I wasn't able to blog on the day the Liberal Democrats launched their manifesto. No sooner had they revealed their proposals, than the Scottish National Party, then the United Kingdom Independence Party and then Veritas revealed to an enthralled public their own plans for us, post-5th May 2005, should they have unprecedented electoral success. Net result? I got behind in putting up links to the manifestos here (aided and abetted by the fact that when I looked on their website at the time the LibDems hadn't yet put up their manifesto for Scotland, only that for the rest of the country - now done).
Anyway, belatedly, here goes:
Liberal Democrat Party
Charles Kennedy tells us that his Party is 'the real alternative' to Labour and the Conservatives. Whether this is true, or not, we will all know for certain when the British public gives its verdict on 5th May; I suspect we will not awaken on the morning of Friday 6th May to learn that our Prime Minister is to be Mr Kennedy. Their key proposals include:
- 50% top rate tax on earnings over £100,000
- Replace council tax with local income tax
- Scrap university fees
- 21,000 extra teachers
- £100 a month pension extra for over 75s
- Free eye and dental checks
- 10,000 extra police
- 20,000 community support officers
- Lower class sizes
- Free personal care
- Scrap the Child Trust Fund
- Scrap the Child Support Agency
I described the proposals of one of the other Parties (I think you can guess which one) as 'mom and apple pie' stuff, but those folks turn out to have been a lot less ambitious than our friends the LibDems. They seem to offer ambrosia, unless you earn more than GBP38,000 as a couple - not an exceptional sum nowadays - so there will undoubtedly be just a very few people whose apparent willingness (according to some opinion polls) to stomach an increase in their tax bills will be tested at the ballot box. You can read the full LibDem manifesto for Westminster (in PDF format) here. Non-PDF versions of the manifestos for England, Scotland and Wales are on the LibDem website here - click on the relevant links for the versions you wish to know more about.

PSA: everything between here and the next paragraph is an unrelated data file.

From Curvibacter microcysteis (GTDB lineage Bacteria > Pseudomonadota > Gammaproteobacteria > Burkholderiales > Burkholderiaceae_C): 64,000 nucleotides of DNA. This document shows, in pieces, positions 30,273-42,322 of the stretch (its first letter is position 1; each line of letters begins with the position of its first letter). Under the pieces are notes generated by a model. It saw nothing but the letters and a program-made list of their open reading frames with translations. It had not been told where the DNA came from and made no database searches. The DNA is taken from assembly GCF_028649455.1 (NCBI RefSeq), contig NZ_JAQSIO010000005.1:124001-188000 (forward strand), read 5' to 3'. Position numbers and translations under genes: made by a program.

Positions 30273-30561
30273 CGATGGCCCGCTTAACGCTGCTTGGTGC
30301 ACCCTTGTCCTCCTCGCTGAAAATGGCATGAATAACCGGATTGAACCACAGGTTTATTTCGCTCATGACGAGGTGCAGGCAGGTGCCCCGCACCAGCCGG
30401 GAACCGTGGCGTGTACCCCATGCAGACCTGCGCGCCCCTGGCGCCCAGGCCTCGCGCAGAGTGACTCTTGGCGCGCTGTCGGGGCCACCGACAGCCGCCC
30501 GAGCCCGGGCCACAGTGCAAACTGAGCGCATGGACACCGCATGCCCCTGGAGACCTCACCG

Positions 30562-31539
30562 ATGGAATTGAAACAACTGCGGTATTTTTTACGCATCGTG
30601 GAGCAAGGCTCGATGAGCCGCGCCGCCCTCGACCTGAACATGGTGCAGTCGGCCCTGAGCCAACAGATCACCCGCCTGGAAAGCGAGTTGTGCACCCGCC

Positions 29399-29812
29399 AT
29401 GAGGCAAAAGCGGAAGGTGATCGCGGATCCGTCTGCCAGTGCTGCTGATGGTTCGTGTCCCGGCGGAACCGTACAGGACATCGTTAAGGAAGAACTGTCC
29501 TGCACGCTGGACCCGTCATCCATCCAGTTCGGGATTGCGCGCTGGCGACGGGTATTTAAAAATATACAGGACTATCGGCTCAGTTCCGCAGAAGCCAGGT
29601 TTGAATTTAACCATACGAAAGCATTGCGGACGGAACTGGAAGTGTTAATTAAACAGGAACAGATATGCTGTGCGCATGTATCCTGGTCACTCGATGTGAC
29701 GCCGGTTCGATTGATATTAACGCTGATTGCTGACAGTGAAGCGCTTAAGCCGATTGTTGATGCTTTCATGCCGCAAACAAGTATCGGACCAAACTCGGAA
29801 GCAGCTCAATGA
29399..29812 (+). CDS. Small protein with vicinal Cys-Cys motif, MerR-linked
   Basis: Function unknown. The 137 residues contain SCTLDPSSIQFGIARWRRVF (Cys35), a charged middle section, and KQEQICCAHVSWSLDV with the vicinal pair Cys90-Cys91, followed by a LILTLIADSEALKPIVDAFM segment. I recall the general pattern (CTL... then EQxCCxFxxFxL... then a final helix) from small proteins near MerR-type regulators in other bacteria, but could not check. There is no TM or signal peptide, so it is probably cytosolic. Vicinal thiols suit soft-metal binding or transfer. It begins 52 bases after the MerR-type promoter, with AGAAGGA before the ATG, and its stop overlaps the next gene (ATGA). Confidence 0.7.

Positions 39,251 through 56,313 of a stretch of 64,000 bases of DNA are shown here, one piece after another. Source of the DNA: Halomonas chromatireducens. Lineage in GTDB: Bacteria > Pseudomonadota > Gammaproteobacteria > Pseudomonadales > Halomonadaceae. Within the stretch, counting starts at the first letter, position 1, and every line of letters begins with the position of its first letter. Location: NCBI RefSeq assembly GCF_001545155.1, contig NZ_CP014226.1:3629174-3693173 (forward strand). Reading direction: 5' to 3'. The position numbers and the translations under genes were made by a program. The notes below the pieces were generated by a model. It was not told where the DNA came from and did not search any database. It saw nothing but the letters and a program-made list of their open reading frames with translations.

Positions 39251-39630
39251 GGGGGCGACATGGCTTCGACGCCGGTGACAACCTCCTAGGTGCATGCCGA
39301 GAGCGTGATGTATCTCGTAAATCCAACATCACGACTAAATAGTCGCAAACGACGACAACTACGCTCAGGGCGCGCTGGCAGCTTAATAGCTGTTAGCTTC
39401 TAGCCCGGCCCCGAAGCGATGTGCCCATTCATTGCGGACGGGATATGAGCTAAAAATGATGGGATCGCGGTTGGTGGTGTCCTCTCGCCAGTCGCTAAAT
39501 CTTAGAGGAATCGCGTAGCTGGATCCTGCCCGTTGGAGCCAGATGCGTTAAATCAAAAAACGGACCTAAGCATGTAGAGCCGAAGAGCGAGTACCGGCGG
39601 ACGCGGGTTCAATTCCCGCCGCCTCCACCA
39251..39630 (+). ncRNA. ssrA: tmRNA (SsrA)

Scottish National Party
The SNP call their effort the People's Manifesto, a pretty meaningless descriptor - who else would it be for, dogs and cats? Or are they implying that others' manifestos are for an elite? How would the 'brothers' in NuLabour react to that slight, I wonder? Anyway, on, on ... the front cover of the manifesto bears the legend "If Scotland Matters To You, Make It Matter In May" - implying, one assumes, that not to vote SNP means one does not think Scotland matters. Another pretty obviously devious statement. Main proposals, apart from taking Scotland out of the United Kingdom, are to make life better for the people of Scotland, young and old. Now who can quarrel with that? Not me, that's for sure! How is it all to be paid for? One assumes by retaining all the proceeds of 'our oil and gas' in the North Sea. The SNP manifesto is available (in PDF format) here. The manifesto highlights Norway, another small country bordering the North Sea, with plenty of oil and gas and regularly described as one of the richest (as it is in the manisfesto, too). Coincidentally I read a most interesting, and I must admit to me quite surprising, article in the New York Times earlier today - link to article entitled We're Rich, You're Not. End of Story. (free registration required) - which paints a rather different picture. For me, though, I don't doubt we Scots could run our own country perfectly adequately if we decided we wanted to. However, I am quite happy to remain British, indeed I am proud to be so - that does not make me any less proud, as part of my Britishness, to be Scottish. Yes, Scotland does matter - it does not take a vote for the SNP to validate that viewpoint.
United Kingdom Independence Party
UKIP want to 'reclaim' the nation and say 'we want our country back'. A principal part of their platform is a desire to take the United Kingdom out of the European Union, although UKIP insists it is not a single issue Party; principal policies include:
- Leave EU
- Set up new trade agreement
- Restricted immigration
- Pensions raised by £25 a week
- Council tax cut by half
- Raise borrowing £30bn
- More nuclear power
UKIP hopes to win its first seat at Westminster at the coming election. The manifesto (in PDF format) is available here. Needless to say, I do not support their principal aim, nor some of the others. Incidentally, though, they have specific policies for Scotland (where they are putting up 20 candidates), with which I must confess to having some sympathy - not that I should vote for them even if there were to be a candidate in my constituency.
Some people, perhaps curelly, have described UKIP as a 'one issue' Party. One could plausibly describe Veritas as a 'one person' Party. Robert Kilroy-Silk MEP has launched his Party's manifesto with a call for a halt to 'liberal fascism', whatever that is. Why is it that so many former left-wingers (Robert Kilroy-Silk [a former Labour MP], Oswald Moseley [a former Conservative, Independent then Labour MP and founder of the British Union of Fascists], Peter Hitchens to name a few) seem to become mighty peculiar in their beliefs in their later years? Not all Veritas policies are nonsense, though - for example, they are opposed to the introduction of compulsory ID cards. In any case, if you want to, you can read the Veritas manifesto (in PDF format) here.
Other minor Parties are standing at the coming election, of course. One I have noticed is the English Democrats Party which wants, amongst other things, a separate Parliament for England. Their website and manifesto are available here. It seems they are putting up 121 candidates at the coming election, although whether they stand a chance of gaining even one seat is perhaps doubtful.